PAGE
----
Unless there has been a rush of people this week who successfully logged on to a state website before a 9 p.m. deadline Thursday, thousands of Arkansas Works enrollees will be out of compliance with a newly-enacted work requirement.
Marci Manley, a spokeswoman for the Arkansas Department of Human Services, says that of the 8,534 people who needed to check in, as of June 29, only 370 had reported that they were in compliance. If the enrollees fail to report their information for three months over a 12-month period, she says they will lose their healthcare coverage.
"The first individuals that could lose coverage for non-compliance with the work requirement would be after June, July and August. They would have to be non-compliant for all three of those months before their cases and coverage would close," Manley said.
The work requirement was one of several changes Gov. Asa Hutchinson has successfully implemented to the state's Medicaid-expansion program. Enrollees must report their work activities or show why they should be exempt.
Hours before Thursday's deadline, Hutchinson defended the change, calling the online verification process "very simple" and a way to know who is truly qualified.
Marquita Little, health policy director for Arkansas Advocates for Children and Families, says the large number of enrollees who have not reported their activities and are expected to be out of compliance shows that a significant number of people are having difficulty with the new requirement.
"These types of eligibility standards can make the entire process of enrolling in coverage and maintaining your coverage very difficult. The nature of how the reporting has to occur through the electronic portal poses significant challenges for a lot of Arkansans who have limited internet access," Little said.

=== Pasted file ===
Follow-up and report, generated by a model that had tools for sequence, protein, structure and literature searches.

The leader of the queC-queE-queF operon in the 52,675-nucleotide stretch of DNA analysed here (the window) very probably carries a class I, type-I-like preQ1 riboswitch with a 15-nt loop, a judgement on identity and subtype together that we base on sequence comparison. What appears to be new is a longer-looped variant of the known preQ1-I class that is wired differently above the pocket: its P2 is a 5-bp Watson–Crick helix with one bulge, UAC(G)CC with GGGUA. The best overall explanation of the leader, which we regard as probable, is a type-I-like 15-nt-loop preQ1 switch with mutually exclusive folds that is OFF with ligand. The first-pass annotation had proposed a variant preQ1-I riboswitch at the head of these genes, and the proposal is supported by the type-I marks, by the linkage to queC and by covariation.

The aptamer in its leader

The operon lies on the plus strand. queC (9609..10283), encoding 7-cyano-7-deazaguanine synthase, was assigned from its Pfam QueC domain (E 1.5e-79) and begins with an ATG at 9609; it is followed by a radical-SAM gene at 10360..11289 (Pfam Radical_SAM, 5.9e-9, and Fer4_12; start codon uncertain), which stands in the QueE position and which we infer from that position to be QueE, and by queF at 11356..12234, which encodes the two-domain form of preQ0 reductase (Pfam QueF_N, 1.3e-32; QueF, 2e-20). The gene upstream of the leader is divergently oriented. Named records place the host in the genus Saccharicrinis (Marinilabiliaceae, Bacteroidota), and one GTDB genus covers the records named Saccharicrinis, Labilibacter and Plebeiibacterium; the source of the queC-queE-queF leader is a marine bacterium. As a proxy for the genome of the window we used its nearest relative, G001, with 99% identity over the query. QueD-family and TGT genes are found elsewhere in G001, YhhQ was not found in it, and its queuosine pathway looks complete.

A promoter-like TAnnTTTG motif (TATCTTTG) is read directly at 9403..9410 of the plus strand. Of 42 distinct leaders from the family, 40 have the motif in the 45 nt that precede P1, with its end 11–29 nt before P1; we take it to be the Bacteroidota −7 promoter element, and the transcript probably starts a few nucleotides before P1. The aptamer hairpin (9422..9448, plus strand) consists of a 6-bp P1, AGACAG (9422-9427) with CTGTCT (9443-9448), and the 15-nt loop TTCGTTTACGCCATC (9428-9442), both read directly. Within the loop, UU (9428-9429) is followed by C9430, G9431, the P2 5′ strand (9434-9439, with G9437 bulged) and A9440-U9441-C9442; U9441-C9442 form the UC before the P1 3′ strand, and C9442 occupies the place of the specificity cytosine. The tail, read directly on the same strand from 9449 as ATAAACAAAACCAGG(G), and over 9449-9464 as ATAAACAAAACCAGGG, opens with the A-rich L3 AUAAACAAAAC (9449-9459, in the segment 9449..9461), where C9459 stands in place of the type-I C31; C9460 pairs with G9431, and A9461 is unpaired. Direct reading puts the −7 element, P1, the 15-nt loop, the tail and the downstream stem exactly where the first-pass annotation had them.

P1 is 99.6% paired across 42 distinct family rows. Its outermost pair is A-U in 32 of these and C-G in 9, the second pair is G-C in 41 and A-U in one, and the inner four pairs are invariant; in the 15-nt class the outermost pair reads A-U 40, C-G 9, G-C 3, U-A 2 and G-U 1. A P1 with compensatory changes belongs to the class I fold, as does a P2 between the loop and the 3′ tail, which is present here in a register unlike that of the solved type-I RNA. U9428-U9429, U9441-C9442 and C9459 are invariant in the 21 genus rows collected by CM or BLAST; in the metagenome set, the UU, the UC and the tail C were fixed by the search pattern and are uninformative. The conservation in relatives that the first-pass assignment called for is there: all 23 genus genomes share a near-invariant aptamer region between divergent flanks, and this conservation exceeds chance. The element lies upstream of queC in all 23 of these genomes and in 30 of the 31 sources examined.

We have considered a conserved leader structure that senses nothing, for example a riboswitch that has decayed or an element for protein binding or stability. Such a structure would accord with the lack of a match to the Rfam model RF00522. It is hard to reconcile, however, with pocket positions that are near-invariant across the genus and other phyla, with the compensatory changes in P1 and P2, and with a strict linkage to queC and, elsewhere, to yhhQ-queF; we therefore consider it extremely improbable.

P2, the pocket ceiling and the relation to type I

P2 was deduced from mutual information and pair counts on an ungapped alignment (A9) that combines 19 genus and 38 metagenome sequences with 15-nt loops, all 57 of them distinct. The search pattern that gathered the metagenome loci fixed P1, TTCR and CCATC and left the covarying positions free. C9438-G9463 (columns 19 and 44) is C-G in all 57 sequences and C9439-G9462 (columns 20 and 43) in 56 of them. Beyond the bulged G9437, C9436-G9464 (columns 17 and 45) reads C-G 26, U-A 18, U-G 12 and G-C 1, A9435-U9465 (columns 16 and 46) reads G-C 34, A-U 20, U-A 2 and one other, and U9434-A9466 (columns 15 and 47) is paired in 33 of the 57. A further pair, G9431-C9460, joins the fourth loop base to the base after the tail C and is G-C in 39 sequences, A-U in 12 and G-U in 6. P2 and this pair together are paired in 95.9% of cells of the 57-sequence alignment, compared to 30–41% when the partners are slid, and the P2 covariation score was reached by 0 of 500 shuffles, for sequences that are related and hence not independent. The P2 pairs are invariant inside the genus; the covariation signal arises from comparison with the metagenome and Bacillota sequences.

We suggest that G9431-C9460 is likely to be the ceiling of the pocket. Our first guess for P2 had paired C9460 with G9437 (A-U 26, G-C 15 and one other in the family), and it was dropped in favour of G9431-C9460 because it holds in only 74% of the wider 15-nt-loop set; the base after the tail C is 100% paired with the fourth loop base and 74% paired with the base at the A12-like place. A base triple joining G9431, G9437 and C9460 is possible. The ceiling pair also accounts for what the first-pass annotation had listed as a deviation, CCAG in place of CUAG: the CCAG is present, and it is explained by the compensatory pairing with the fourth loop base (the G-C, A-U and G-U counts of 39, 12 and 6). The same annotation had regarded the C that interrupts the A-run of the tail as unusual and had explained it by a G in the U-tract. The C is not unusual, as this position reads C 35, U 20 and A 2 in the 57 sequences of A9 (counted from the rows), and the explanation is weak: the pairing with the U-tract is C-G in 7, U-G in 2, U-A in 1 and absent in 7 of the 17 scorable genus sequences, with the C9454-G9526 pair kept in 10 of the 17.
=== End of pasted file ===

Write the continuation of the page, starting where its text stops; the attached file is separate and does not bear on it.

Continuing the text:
DHS has been working to train social workers and provide information to advocacy groups to share with people being impacted by the work requirement. Little said the final numbers will show the success or failure of those outreach efforts.
"It will give us some insight into maybe the ease or difficulty people are having with either meeting the requirement or understanding the portal or electronic system that they'll have to use in order to qualify for an exemption," Little said.
Homeless and low income people will be impacted, she said, by having limited or no access to the internet. Others may just not understand what they need to do or be willing to spend the needed time to complete the process.
Hutchinson told reporters Thursday that it makes sense to him that the number of people receiving Arkansas Works benefits will decline and that there could be many reasons enrollees are out of compliance.
"If they don’t respond, it might be because they've gotten a new job and they're not going to bother with it anymore. When they don’t respond, it might be because they moved out of state. It might be because their spouse had insurance," Hutchinson said.
"We are wondering, 'Do you still need the insurance? Have your circumstances changed? Contact us and verify it.' If they don’t contact us, that could mean that they are no longer in need of it.”
The federal Centers for Medicare and Medicaid Services approved Arkansas' work requirement in March. Enrollees must spend 80 hours a month on work or other approved activities. The requirement went into effect June 1 for an initial group of 27,000 between the ages of 30 and 49.
Of those, 16,000 qualified for automatic exemptions based on information in state records.